Has your appointment system run amok?
Anyone with a bustling business will know the importance of having a good appointment system. Those with the budget can hire a receptionist to take calls and make appointments, but if you don’t have the big bucks to do that, then an online solution may be your best bet.
Thankfully, several websites have got you covered.
What Is an Appointment Slot?
First, I should briefly describe what an appointment slot is. It is a period of time in the calendar when a person is free to meet with you. This can either be a personal meeting (coffee and cake with the parents), or a professional meeting (an accountant meeting a client). Maintaining appointment slots benefits both parties, as it maintains order in the workday, with the person coming for the meeting assured that they will definitely meet the other person.
For the person giving the appointments, it ensures that a wild stampede of people don’t demand the same time as everyone else. In short, it is a quick way to resolve calendar conflicts before they happen.
It’s no surprise that Google has an appointments feature built right into Google Calendar. And it’s actually really good. The downside is that it is only available for Google Apps users, not for regular Gmail accounts. Plus the person wanting to make the appointment with you needs to have their own Google Calendar.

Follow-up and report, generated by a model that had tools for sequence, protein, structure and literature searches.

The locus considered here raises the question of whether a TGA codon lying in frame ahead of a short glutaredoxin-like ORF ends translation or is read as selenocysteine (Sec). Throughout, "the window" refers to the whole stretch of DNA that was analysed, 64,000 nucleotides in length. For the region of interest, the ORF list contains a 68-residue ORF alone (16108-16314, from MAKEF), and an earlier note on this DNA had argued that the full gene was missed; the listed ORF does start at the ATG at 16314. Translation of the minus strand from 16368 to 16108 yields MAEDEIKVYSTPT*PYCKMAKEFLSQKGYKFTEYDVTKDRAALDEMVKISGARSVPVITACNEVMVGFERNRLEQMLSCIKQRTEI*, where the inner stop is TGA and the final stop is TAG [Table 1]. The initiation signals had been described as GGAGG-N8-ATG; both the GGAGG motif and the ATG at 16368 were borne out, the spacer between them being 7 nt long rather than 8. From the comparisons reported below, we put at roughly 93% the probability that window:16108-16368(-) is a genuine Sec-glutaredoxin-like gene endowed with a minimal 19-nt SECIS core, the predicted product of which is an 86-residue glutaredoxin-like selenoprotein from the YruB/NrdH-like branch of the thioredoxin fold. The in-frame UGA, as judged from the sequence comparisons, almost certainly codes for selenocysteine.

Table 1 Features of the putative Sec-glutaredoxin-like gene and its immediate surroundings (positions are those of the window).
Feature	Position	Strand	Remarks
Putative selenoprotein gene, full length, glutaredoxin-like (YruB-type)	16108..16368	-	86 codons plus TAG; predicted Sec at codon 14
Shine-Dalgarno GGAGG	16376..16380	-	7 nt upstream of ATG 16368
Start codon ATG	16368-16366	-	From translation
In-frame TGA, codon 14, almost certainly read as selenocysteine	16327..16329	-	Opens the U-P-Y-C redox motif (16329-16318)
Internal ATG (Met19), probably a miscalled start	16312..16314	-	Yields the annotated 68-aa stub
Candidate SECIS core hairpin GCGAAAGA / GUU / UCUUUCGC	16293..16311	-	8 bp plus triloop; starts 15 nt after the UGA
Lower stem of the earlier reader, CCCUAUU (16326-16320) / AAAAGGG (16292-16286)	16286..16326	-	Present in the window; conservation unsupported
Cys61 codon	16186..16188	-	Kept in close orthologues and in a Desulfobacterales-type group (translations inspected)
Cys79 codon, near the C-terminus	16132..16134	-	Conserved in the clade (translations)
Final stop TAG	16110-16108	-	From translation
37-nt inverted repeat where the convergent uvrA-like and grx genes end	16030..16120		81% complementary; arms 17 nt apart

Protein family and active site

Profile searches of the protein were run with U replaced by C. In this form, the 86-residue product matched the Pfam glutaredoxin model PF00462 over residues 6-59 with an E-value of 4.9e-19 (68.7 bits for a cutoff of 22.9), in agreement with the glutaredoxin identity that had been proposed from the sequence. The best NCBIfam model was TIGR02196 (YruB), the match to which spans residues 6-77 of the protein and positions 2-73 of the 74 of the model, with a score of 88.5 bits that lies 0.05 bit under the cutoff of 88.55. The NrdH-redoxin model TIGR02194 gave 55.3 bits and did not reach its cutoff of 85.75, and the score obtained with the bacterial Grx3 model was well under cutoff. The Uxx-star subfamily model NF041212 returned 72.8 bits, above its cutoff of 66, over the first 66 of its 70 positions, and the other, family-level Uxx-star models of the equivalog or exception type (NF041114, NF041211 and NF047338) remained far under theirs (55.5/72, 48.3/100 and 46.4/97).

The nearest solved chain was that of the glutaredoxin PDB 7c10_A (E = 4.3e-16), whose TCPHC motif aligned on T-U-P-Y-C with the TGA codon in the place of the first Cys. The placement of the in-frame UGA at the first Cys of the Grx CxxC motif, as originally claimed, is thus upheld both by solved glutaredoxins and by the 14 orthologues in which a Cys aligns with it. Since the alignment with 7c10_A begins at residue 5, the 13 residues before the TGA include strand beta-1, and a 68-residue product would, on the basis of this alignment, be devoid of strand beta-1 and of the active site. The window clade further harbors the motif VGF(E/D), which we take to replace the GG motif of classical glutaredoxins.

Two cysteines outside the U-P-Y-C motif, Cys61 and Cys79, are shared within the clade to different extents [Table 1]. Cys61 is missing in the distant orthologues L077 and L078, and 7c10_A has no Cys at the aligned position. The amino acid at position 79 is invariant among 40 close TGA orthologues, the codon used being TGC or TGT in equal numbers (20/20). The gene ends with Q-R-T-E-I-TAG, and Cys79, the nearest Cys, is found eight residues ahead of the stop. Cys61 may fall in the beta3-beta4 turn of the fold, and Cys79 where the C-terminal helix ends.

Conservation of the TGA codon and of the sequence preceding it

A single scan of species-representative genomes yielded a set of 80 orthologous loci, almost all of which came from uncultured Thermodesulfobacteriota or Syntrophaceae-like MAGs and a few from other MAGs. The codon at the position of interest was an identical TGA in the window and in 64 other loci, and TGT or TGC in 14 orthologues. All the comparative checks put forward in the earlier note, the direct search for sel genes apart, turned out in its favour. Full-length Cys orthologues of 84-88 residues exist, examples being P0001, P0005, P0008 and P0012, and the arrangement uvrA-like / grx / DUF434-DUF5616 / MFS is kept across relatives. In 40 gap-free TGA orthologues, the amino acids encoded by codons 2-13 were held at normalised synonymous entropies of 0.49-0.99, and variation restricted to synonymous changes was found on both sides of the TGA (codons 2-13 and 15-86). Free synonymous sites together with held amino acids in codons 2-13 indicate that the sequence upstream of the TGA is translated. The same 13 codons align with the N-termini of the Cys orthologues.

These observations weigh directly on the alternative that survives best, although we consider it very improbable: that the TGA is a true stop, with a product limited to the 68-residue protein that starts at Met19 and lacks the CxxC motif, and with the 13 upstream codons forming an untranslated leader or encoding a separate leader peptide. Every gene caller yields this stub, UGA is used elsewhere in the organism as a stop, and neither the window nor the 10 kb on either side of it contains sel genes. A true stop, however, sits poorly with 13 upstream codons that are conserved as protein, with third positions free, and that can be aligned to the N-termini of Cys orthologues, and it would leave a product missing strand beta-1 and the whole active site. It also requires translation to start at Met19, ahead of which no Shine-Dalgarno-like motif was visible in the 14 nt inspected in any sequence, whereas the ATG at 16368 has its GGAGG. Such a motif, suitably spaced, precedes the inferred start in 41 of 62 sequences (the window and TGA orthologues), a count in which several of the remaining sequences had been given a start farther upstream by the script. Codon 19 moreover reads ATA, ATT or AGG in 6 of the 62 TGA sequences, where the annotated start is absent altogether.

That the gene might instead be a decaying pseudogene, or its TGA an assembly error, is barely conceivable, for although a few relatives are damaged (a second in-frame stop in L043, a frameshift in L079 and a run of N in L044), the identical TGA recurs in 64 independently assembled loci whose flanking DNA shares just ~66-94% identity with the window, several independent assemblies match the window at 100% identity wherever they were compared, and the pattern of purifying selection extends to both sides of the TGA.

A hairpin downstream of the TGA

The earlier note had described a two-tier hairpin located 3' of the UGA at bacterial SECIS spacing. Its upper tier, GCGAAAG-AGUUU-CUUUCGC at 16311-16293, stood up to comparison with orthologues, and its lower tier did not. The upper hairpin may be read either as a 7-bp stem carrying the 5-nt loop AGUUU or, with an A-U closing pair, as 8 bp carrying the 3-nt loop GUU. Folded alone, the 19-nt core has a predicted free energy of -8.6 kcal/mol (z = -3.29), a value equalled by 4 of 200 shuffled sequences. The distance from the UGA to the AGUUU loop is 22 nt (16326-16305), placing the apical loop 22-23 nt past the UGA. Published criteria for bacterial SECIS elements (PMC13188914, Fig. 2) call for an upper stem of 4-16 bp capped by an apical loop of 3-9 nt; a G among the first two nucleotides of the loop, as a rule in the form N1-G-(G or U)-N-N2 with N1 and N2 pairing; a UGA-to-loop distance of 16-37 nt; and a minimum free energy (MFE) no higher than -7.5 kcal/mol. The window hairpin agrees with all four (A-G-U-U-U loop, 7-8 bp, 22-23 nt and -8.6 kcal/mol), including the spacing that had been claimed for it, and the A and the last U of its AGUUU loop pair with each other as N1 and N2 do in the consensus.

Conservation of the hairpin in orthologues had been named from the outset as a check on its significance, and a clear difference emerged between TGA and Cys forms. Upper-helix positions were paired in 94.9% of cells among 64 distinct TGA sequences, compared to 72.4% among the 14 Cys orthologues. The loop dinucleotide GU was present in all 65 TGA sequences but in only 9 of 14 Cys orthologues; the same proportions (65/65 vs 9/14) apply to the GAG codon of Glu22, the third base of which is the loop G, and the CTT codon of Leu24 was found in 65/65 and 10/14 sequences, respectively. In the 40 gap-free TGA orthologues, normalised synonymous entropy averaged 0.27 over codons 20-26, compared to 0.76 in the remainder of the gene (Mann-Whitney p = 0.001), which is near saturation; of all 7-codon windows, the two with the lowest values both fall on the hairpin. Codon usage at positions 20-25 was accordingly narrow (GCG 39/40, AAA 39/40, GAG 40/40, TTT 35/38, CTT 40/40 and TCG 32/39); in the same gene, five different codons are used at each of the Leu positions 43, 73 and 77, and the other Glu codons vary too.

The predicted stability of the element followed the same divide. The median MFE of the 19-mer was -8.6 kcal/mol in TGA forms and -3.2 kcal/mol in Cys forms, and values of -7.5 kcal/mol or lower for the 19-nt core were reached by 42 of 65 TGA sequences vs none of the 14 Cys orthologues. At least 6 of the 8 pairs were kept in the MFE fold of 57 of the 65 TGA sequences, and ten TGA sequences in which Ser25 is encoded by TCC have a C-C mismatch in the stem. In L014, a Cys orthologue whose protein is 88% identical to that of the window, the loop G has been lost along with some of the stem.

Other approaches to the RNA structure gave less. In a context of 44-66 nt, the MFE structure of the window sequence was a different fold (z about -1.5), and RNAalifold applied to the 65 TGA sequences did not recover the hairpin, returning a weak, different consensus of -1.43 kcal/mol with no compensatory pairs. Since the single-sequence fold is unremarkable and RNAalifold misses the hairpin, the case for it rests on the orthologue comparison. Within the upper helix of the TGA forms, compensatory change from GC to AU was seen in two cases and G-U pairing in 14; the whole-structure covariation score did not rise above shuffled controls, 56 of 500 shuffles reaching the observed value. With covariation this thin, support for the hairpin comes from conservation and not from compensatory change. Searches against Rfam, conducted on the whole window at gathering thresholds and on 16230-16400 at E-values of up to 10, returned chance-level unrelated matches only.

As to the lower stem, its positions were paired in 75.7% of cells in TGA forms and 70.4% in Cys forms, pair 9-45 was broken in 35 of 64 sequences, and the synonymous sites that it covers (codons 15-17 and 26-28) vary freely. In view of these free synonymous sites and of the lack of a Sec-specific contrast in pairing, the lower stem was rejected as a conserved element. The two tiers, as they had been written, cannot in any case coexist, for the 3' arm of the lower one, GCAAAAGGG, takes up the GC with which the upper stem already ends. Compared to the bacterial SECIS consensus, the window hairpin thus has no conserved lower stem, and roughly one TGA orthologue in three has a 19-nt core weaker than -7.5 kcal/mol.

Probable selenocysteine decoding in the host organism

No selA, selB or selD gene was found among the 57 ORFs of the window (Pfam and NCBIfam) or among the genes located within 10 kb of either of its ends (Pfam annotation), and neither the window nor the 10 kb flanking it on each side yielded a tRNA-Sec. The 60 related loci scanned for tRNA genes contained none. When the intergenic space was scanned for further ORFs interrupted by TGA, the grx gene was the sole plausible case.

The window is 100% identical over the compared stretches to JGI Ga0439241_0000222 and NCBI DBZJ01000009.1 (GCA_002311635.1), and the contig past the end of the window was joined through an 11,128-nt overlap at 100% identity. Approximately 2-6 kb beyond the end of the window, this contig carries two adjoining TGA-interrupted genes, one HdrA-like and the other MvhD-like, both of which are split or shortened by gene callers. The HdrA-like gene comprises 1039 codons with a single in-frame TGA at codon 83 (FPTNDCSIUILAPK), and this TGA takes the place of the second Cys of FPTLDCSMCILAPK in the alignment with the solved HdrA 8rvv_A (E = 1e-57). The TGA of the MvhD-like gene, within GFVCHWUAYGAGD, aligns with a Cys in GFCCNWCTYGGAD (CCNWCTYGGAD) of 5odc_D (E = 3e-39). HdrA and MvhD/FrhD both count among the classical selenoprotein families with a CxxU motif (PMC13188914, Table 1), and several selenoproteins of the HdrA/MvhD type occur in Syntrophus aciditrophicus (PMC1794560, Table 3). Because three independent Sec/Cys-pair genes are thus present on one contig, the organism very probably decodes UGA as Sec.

So click on either the “Day” view or “Week” view on Google Calendar, and you will see a link for “Appointment slots”. Click on that.
Then you will see the boxes you need to fill in. You need to specify the name of the event, the times you are available, and how you want that time split up. You will also be given the link to your appointment page, which you can give out to whoever wants it.
Now when a person clicks one of the vacant slots on your calendar (while logged into their Google Calendar as well), they will be able to take one of your appointment slots.
In the interest of fairness and balance, here are 4 other possibilities for you to consider, if you find Google’s offering a bit too restrictive.
Doodle is easy to sign up and customize. A lot of the good stuff is Premium only, but if you are determined to stay cash-free, then there is a nice basic service which will more than amply cover your needs.
You get your own personalized Doodle page with a calendar where your clients can snap up your time. You can also add links to any other external pages. So this would be good for perhaps your website, your Facebook page, Twitter page, etc. You can also install the iOS app or Android app, so you can keep track of your appointments while on the go.
- Personalized calendar page
- Add links to external pages
- Install the smartphone app
- Premium plan includes a personalized banner image, and SSL encryption.
Calendly takes a bit of a different approach by asking the client to choose the length of the meeting. They can choose between 15 minutes, 30 minutes, and 60 minutes. The next screen shows the the number of available appointment slots. The client can take the one they want.